City Proceeds With Acquiring 3 Gowanus Properties For CSO Tank Facility

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GOWANUS – The Brooklyn Supreme Court gave the NYC Department of Environmental Protection (DEP) the green light last week to proceed with the acquisition of three properties in Gowanus to build an eight million gallon Combined Sewage Overflow (CSO) tank and head house as part of the EPA’s cleanup of the Gowanus Canal.

DEP Gowanus CSO Tank Landscape Rendering presented at Public Visioning Session in July 2018

Back in April, the City Council voted 49 to 1 to allow the city to acquire through eminent domain the 100-year-old Gowanus Station building, at 234 Butler Street, as well as two neighboring properties at 242 Nevins and 270 Nevins Street, to build one of two CSO tanks. A second 4 million gallon CSO tank will be installed by the Fourth Street Basin on city-owned land. The CSO tanks will hold excess rainwater and sewage during heavy storms, preventing both from flowing into the canal. The tanks will then pump the runoff to a wastewater treatment plant.

In an agreement with the EPA, if the city fails to successfully acquire the Butler and Nevins Street properties by April 2020, the larger of the two CSO tanks will instead be placed at Thomas Greene Park. DEP insists that building the CSO tank at the head of the canal places the facility “immediately adjacent to the existing DEP sewage pump station, making construction and operation simpler, less expensive and less disruptive to the community.” This location would also prevent the need to build at Thomas Greene Park—preserving the Double D Pool. The plan to place the tank along the canal would also allow for the development of a new public outdoor space on top of the facility.

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DEP is currently waiting for the court’s approval to be officially filed. Once completed, the City will be able to proceed with formally acquiring the three properties. The acquisition process is expected to take approximately one month, according to a DEP spokesperson. The city plans to “permanently acquire” 234 Butler and 242 Nevins for the underground CSO facility, while 270 Nevins (the southernmost property located between Degraw and Sackett) will be acquired for eight years and serve as a staging area during construction.

DEP has worked with a third party to determine the value of the properties and will negotiate with the owners on a final price for each building. If an agreement on price cannot be reached, the “Court may determine the final price,” the spokesperson said.

Once the City formally acquires and owns the three properties, the NYC Department of Housing Preservation & Development (HPD) will serve as the landlord for the tenants at 234 Butler and 242 Nevins and will assist them with relocating as well as provide “relocation benefits” which include moving and related expenses. Tenants of 234 Butler and 242 Nevins will need to relocate by Spring 2019.

HPD has already met with several of the tenants, according to DEP. The City has also enlisted Cornerstone Relocation Group to help the tenants find new homes.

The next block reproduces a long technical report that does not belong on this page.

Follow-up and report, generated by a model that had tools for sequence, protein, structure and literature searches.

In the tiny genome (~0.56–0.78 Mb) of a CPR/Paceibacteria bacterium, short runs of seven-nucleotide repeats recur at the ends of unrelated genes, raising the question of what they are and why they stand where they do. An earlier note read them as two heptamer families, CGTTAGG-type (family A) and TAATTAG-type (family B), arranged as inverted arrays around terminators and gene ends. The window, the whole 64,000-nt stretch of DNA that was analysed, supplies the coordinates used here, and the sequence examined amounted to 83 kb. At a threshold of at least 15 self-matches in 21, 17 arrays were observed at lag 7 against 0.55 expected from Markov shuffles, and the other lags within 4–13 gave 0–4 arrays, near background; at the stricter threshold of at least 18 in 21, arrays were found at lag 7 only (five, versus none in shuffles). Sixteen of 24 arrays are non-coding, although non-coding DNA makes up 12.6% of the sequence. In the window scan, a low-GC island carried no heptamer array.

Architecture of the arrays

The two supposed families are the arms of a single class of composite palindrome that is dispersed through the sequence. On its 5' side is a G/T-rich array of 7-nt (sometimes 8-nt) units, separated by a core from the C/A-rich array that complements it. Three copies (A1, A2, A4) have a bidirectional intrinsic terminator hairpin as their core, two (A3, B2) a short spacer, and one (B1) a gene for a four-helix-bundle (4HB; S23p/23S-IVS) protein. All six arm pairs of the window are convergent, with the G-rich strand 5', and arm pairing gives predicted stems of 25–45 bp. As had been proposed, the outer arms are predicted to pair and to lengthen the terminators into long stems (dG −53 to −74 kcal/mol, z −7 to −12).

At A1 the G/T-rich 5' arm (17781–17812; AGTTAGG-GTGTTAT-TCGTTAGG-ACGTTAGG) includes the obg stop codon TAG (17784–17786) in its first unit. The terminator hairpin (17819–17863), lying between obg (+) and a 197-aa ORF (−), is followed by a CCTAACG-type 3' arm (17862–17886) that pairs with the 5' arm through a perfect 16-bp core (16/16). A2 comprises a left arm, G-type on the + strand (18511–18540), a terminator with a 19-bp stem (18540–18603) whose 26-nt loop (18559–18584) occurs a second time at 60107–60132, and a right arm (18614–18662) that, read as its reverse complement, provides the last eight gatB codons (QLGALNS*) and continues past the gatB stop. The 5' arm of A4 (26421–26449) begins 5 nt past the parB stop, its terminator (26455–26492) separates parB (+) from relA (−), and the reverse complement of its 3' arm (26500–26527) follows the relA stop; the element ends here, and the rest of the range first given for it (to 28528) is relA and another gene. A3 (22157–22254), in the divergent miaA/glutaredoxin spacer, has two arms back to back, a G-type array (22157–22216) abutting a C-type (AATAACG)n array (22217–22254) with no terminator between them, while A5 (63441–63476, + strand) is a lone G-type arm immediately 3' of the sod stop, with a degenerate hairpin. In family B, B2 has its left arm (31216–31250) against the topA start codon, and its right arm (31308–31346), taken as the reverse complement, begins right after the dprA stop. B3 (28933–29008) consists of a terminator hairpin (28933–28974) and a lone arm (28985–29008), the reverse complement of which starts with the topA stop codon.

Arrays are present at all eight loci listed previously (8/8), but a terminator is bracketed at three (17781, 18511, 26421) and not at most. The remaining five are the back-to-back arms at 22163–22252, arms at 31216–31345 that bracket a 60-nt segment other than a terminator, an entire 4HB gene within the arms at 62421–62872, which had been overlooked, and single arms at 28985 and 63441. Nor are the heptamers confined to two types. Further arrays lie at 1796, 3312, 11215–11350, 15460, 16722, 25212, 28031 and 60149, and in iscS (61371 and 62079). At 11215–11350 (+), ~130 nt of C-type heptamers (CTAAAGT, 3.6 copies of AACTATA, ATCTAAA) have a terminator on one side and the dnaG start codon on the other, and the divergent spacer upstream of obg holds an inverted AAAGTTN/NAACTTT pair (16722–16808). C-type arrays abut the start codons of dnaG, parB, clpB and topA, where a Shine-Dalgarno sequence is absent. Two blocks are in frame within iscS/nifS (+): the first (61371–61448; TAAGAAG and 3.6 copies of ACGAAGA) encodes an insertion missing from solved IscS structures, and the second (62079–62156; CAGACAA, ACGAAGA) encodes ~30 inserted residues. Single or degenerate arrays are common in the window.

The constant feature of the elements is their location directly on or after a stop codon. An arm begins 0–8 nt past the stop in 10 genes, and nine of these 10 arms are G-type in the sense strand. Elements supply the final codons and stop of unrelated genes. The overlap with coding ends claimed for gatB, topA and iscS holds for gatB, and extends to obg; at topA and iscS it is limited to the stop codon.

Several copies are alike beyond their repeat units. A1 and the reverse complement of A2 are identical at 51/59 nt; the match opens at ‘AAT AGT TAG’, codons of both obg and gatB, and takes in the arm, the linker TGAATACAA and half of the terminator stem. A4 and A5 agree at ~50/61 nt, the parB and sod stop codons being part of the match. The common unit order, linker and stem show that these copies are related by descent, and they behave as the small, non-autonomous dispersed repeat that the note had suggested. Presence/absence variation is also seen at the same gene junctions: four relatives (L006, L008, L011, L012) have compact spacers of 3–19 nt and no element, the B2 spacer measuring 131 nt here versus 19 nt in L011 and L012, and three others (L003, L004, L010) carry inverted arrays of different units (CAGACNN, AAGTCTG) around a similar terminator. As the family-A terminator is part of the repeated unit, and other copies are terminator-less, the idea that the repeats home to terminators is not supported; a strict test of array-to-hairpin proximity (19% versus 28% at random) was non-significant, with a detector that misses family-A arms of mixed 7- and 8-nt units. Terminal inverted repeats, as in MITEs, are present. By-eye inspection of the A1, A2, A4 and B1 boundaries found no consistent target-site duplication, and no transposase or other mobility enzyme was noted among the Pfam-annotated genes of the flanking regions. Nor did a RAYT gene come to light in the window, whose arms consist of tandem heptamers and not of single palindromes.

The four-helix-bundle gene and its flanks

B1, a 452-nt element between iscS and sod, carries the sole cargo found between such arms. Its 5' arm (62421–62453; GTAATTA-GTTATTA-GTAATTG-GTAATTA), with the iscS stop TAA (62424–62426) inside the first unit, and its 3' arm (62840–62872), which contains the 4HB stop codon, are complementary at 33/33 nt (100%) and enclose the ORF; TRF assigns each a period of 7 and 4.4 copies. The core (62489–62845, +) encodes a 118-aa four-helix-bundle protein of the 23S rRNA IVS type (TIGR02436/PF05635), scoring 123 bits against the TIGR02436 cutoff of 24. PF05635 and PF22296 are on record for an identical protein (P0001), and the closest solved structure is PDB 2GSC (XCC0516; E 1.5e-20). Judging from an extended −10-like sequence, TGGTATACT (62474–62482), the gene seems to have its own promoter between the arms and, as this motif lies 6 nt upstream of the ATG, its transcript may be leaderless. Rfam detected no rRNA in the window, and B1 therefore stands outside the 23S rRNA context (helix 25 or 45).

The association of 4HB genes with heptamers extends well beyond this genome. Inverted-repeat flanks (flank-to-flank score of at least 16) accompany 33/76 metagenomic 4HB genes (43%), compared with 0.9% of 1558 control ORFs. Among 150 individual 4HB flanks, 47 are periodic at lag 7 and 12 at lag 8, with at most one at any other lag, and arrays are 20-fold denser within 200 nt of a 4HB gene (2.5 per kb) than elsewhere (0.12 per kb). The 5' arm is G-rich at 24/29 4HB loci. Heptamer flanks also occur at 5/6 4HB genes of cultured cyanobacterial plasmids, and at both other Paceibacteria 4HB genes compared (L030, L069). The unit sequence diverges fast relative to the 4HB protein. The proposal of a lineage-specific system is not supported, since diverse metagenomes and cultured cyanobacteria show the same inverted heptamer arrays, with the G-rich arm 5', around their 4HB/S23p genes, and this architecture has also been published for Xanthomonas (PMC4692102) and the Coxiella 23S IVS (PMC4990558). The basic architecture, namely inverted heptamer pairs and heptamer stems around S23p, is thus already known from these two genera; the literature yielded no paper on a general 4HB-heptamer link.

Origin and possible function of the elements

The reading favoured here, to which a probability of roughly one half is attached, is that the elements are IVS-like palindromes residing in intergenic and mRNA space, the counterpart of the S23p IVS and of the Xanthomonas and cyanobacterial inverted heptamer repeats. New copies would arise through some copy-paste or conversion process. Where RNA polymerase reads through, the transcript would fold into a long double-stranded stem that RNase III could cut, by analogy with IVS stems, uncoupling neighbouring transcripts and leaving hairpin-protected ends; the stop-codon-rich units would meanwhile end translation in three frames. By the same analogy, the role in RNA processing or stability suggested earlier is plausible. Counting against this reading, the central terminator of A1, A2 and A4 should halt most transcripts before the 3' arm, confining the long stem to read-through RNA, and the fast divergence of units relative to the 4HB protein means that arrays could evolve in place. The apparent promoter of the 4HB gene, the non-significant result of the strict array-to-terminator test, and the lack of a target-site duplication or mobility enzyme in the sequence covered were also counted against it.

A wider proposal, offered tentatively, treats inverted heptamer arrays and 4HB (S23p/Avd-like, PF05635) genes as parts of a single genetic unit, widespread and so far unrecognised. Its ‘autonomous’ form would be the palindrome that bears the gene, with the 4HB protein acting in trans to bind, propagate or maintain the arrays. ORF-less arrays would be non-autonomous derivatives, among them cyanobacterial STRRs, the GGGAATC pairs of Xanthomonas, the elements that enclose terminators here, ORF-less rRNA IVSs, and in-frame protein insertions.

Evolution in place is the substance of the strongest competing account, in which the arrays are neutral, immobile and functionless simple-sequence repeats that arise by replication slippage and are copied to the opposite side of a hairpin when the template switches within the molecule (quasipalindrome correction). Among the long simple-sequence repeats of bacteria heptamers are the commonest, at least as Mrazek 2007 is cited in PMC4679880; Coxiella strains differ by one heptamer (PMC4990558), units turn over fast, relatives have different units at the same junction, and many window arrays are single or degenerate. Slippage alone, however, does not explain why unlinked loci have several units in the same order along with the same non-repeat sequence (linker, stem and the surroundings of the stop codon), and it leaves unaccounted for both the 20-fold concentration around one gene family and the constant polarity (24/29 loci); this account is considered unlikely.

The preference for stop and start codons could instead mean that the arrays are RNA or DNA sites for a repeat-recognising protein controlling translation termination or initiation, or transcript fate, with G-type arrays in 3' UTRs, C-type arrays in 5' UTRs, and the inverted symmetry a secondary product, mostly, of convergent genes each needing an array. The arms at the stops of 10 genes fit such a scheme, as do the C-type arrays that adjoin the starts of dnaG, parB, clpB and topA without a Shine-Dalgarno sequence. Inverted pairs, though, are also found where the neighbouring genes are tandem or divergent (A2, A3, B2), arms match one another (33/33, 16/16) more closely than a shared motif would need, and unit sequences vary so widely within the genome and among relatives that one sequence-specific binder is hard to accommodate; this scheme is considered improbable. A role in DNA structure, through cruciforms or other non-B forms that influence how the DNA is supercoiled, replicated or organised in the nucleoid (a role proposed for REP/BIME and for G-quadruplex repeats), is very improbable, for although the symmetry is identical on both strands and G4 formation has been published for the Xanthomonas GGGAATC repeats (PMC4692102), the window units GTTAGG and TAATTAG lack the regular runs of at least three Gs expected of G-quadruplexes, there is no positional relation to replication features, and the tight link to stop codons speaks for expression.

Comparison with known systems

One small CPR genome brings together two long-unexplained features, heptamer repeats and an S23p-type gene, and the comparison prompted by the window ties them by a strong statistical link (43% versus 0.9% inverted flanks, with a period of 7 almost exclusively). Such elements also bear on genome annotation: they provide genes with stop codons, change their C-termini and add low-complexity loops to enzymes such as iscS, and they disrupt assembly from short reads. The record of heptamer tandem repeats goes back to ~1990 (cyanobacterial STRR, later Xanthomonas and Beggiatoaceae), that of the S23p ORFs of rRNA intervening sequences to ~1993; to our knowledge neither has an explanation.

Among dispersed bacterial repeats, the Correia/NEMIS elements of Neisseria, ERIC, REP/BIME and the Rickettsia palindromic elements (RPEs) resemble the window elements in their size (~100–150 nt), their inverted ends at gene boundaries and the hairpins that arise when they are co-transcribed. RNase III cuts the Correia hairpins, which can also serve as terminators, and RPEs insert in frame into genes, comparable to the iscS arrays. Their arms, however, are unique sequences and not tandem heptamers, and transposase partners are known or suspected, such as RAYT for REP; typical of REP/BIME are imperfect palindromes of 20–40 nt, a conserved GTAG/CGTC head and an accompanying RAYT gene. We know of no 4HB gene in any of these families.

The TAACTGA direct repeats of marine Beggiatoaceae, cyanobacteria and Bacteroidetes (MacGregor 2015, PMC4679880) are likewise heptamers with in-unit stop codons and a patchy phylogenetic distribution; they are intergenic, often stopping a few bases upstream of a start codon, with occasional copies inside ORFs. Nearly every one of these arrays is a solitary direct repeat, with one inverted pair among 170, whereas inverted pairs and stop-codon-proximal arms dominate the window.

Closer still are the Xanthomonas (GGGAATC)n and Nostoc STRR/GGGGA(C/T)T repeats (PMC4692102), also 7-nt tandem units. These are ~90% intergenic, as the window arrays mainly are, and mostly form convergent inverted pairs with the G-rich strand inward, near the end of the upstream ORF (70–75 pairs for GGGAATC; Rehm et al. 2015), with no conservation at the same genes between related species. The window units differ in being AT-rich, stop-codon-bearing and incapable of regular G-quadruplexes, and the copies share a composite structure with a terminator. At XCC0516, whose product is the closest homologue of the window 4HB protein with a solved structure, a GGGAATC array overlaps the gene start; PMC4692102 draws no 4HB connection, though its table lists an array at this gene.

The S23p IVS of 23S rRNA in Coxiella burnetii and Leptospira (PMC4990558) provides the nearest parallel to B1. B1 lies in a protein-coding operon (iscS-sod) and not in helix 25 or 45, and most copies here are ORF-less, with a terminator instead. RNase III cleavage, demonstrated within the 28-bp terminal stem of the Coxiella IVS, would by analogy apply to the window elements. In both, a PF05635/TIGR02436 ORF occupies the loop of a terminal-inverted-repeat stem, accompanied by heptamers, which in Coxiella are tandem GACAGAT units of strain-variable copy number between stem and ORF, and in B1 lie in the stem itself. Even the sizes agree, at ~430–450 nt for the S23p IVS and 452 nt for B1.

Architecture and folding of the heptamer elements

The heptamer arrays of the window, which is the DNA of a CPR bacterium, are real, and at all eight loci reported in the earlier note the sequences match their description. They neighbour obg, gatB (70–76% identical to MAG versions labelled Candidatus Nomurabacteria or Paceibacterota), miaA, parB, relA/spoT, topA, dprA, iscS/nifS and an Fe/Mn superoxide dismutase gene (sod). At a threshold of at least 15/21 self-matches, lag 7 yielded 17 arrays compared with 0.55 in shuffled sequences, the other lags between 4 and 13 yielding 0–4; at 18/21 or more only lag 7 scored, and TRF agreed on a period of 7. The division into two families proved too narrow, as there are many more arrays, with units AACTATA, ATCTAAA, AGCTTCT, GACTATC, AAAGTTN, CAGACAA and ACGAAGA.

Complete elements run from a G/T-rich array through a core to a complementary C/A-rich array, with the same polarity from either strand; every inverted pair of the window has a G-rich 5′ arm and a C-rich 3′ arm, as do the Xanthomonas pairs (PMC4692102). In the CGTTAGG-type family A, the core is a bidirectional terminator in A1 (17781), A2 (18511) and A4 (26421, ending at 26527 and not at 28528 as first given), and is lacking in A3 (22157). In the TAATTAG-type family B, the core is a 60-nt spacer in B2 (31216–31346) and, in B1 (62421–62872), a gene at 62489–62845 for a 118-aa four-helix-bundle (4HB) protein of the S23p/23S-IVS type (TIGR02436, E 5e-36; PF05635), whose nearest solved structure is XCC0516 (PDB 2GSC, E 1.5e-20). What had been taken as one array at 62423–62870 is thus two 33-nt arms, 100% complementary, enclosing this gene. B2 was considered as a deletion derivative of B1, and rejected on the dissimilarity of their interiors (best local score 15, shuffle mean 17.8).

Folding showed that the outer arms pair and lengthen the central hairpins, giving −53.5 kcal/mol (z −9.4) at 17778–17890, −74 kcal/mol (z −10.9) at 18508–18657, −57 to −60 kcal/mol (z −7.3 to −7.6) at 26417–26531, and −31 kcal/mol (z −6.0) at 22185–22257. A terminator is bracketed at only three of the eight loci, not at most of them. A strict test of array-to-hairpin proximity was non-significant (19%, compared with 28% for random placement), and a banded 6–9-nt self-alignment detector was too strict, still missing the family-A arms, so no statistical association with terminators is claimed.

Since 270 Nevins Street will only serve as a staging area during construction, the current tenant will not need to vacate as early as the others and will be able to relocate at a later date. The NYC Economic Development Corporation will work with the tenants of this building during the relocation process.

DEP will present schematic designs for the head house and public outdoor space to the Community Board 6 Parks/Recreation/Environmental Protection Committee on Wednesday, October 17. The location and time of the meeting will be confirmed soon. DEP presented preliminary designs in July during a Public Visioning Session coordinated by Council Member Stephen Levin’s office, but DEP has since incorporated some changes based on feedback from the community and NYC Parks.

Gowanus Station, 234 Butler Street (Photo: Pamela Wong/BKLYNER)

Some locals oppose the city’s plan to demolish the Gowanus Station building located at 234 Butler, on the corner of Nevins, and called on the NYC Landmarks Preservation Commission (LPC) to landmark the building earlier this year. The LPC decided that the structure lacked “architectural significance and integrity” due to too many alterations to the structure over the years. The brick Beaux-Arts structure was erected in 1913 by the City’s Department of Water Supply, Gas & Electricity to serve as a pumping station for the Gowanus Canal.

The 234 Butler Street property is currently owned by Salvatore Tagliavia who runs his business, Sanitation Repairs, Inc., from the building which has been in his family for 45 years. Tagliavia told BKLYNER in April during a vigil held to save the building that he and the other impacted property owners have tried negotiating with the city, offering part of their land for new park space if the CSO tank is built at Thomas Green Park instead. The city refused their offer.

Tagliavia told BKLYNER on Thursday that DEP has kept him updated on the progress of the acquisition and confirmed that representatives from HPD have met with him.

He has had his property appraised and will wait to see what the City offers him. When asked where he thinks he will relocate his business, he says “probably not Brooklyn” since real estate is so “overpriced” in the borough.

Tagliavia added that he is not happy with how the City has handled the situation by displacing and “inconveniencing building owners, business owners, everyone.”

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